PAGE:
Utah is growing fastest in information, leisure and hospitality, and construction. Tracking construction gives us a good snapshot of the health of the economy because construction is tied to many aspects of the economy. Construction indicates that other industries are growing as well—the number of cranes in a city gives us a good idea about whether or not the economy is growing. Another convenient aspect of construction is that we can gauge it by looking out our windows. The more construction we see, the more industries and jobs we can expect to come to the community.

Read more Read more
Utah Consumer Attitude Index up 5.6 points US Consumer Confidence Index fell 8.7 points

Utah Consumer Attitude Index

The Zions Bank Utah Consumer Attitude Index (CAI) decreased 1.6 points to 114.0 in November. Both subcategories of the CAI contributed to the decrease, showing that consumers are slightly less confident in current and future economic conditions in Utah. In comparison, the national Consumer Confidence Index® decreased 8.7 points from October to November and currently sits at 90.4.

The Present Situation Index, the sub-index of the CAI that measures how consumers feel about current economic conditions, has risen 1.4 points since this time last year. Forty-eight percent of Utahns describe available jobs in their area as plentiful—a 6 percent increase from 12 months ago.

Expectations for the next six months decreased primarily due to a less-positive outlook on the labor market and employment situation. Twenty-seven percent of Utahns think the number of jobs available in their area six months from now will be greater—down 3 points from last month. Slightly more Utahns think business conditions in their area will be better in six months, rising from 27 percent to 28 percent.

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Utah CoreLogic Home Price Index increased 7.1% National CoreLogic Home Price Index increased 6.8%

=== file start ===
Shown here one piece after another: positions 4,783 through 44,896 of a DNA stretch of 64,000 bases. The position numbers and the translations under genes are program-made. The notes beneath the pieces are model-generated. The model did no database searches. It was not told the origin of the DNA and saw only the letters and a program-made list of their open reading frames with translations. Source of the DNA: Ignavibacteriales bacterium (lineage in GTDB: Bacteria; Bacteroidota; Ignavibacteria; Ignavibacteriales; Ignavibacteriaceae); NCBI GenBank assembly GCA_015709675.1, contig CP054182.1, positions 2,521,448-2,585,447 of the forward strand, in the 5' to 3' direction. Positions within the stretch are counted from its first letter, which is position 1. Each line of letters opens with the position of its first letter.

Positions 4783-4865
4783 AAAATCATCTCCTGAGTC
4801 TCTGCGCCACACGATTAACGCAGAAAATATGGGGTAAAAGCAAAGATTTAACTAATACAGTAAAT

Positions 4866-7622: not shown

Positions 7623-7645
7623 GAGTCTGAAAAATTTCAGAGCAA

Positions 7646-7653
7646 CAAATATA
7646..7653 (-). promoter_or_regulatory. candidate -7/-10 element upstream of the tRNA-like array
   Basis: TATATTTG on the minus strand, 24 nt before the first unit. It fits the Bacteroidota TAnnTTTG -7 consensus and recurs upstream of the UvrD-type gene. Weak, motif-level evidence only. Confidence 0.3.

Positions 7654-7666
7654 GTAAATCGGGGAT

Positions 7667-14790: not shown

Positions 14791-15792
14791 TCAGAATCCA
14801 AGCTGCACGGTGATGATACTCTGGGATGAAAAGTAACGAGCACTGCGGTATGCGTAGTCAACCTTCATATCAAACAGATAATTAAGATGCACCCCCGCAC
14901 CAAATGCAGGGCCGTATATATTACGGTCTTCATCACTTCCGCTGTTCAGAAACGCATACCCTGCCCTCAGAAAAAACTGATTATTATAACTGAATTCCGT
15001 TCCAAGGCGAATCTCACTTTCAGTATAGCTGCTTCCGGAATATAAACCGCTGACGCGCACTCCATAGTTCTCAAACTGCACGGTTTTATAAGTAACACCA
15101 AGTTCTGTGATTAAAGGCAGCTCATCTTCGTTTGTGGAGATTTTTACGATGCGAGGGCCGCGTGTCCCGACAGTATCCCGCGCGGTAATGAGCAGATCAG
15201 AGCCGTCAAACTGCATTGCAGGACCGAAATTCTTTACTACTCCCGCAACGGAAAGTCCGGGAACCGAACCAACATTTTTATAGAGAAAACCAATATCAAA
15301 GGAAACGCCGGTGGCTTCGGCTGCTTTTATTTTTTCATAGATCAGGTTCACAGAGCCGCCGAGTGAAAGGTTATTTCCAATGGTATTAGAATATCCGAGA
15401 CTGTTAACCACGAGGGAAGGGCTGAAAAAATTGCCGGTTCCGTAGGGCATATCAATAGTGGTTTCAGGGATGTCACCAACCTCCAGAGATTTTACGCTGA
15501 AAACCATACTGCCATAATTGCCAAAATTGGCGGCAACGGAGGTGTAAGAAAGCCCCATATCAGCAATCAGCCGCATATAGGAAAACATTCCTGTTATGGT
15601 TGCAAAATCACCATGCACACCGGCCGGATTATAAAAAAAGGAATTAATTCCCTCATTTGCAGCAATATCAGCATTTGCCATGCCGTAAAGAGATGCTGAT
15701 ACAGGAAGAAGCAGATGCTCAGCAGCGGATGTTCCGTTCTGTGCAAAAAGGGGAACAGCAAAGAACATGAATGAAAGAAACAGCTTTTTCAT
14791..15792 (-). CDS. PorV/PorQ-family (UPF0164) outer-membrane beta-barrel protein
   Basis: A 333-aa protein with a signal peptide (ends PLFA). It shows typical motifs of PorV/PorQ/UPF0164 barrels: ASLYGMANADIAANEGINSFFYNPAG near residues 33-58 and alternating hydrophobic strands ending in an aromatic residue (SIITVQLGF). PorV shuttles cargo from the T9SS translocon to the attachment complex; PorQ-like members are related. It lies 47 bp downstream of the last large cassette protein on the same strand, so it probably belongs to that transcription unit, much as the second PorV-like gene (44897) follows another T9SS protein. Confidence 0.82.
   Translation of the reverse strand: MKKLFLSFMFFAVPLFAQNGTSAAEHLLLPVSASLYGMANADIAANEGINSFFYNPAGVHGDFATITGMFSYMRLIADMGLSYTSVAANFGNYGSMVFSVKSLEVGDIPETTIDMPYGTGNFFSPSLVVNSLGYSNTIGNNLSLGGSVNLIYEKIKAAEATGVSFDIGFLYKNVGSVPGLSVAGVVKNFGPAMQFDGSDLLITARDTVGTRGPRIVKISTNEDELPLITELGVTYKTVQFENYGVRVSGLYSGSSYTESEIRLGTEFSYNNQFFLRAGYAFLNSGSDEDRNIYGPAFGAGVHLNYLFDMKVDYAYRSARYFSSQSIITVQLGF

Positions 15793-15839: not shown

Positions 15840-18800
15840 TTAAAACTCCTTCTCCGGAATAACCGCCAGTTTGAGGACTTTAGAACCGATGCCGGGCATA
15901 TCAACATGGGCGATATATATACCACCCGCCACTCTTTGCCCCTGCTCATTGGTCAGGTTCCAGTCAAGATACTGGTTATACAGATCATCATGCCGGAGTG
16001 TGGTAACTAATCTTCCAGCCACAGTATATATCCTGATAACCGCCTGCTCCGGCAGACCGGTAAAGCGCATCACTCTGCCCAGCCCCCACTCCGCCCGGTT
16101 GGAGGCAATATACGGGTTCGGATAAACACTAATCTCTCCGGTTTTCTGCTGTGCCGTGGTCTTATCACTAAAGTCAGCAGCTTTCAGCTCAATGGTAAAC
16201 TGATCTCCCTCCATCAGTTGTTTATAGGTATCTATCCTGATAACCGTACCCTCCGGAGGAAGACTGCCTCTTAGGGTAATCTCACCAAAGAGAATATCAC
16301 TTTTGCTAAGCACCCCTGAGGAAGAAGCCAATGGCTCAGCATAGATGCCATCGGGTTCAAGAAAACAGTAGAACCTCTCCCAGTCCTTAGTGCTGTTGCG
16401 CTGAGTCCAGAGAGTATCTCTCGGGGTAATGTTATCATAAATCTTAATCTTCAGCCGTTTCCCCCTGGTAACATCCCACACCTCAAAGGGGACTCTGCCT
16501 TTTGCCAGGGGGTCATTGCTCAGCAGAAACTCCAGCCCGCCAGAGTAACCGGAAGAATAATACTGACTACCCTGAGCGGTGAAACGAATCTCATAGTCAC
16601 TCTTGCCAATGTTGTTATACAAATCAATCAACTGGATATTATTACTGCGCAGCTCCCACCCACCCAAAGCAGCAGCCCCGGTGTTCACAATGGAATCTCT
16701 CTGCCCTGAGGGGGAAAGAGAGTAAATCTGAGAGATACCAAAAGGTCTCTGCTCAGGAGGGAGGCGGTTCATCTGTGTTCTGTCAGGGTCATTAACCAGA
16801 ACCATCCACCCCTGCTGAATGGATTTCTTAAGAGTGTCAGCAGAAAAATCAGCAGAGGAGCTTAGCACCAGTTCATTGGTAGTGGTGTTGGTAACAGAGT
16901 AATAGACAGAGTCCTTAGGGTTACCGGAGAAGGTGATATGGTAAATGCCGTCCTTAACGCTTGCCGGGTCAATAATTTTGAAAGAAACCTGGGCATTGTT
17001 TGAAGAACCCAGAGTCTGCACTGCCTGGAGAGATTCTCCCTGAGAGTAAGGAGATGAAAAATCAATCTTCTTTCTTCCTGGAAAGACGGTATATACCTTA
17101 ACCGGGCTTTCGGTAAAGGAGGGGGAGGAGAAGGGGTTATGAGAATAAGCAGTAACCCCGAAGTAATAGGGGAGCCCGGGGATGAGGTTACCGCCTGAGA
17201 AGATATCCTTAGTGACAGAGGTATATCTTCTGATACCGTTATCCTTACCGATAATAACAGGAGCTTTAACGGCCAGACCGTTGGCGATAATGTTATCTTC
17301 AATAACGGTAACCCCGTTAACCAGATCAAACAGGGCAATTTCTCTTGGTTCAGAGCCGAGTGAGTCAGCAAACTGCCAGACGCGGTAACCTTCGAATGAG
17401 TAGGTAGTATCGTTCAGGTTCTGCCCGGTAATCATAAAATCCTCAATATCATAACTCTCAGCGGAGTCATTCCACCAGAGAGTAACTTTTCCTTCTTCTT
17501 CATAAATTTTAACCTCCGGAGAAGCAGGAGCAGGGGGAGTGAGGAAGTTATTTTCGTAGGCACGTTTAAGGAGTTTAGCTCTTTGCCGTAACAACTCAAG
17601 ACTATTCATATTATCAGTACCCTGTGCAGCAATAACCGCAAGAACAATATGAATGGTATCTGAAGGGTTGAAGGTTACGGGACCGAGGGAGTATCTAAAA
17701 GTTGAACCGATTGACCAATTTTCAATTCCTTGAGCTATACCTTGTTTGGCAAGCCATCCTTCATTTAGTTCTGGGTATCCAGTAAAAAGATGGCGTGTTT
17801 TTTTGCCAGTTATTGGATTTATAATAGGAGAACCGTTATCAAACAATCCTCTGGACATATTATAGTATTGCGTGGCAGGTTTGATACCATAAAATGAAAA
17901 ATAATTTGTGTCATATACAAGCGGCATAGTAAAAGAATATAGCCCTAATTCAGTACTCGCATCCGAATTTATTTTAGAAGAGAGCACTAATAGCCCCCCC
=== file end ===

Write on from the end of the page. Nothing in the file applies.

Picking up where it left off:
Housing Market

October home prices ticked upward again in Utah and across the nation. In Utah, home prices increased 0.4 percent from September and grew 7.1 percent compared to October 2014. Nationally, home prices increased 1.0 percent month over month and 6.8 percent compared to October of last year. Including distressed sales, the U.S. has experienced 44 consecutive months of year-over-year increases, although those increases have now fallen to single digits.

October marked the seventh straight month that housing starts remained above 1 million units, despite dropping to their lowest pace during that stretch. This seven-month stretch marks the longest stretch of more than 1 million housing units since 2007, which suggests a sustainable housing market recovery. The drop in October derived from a steep decline in the construction of multi-family homes. Contrary to the drop in housing starts, building permits surged.

Household formation is rising, driven primarily by young adults leaving the nest of their parents. The strengthening labor market has also supported the housing sector as more people are able to afford purchasing their own homes. Many markets throughout the U.S. are experiencing high demand and low supply of homes, pushing prices upward.

Read more Read more
Teacher and two young students

The Tremendous Impact of an Effective Teacher

Most of us fondly remember a teacher who helped us achieve to a degree we hadn’t previously thought possible. The evidence-based impact of teachers is called the “teacher effect.” Repeated studies have demonstrated that a highquality teacher can measurably improve student learning more than any other variable within the purview of a school. In fact, research shows that a high-quality teacher can, in one year, elevate student learning by two and even three grade levels. Effective teaching, therefore, must be a central feature of any state-guided strategic plan to help students master 21st century knowledge and skills and obtain a post-high school credential.

To begin, public education should attract some of the best candidates into teaching. Today, 100 percent of school teachers in high-achieving countries like Singapore, Finland, and South Korea come from the top third of college graduates. But in the U.S., only 23 percent of new teachers graduated in the top third of their classes.

While class rank alone does not ensure teaching quality, it does create a quality pool from which highly effective teachers can be screened and developed and ensures that those responsible with the education of our children have the content knowledge, critical thinking, and academic drive to develop knowledge-rich classrooms.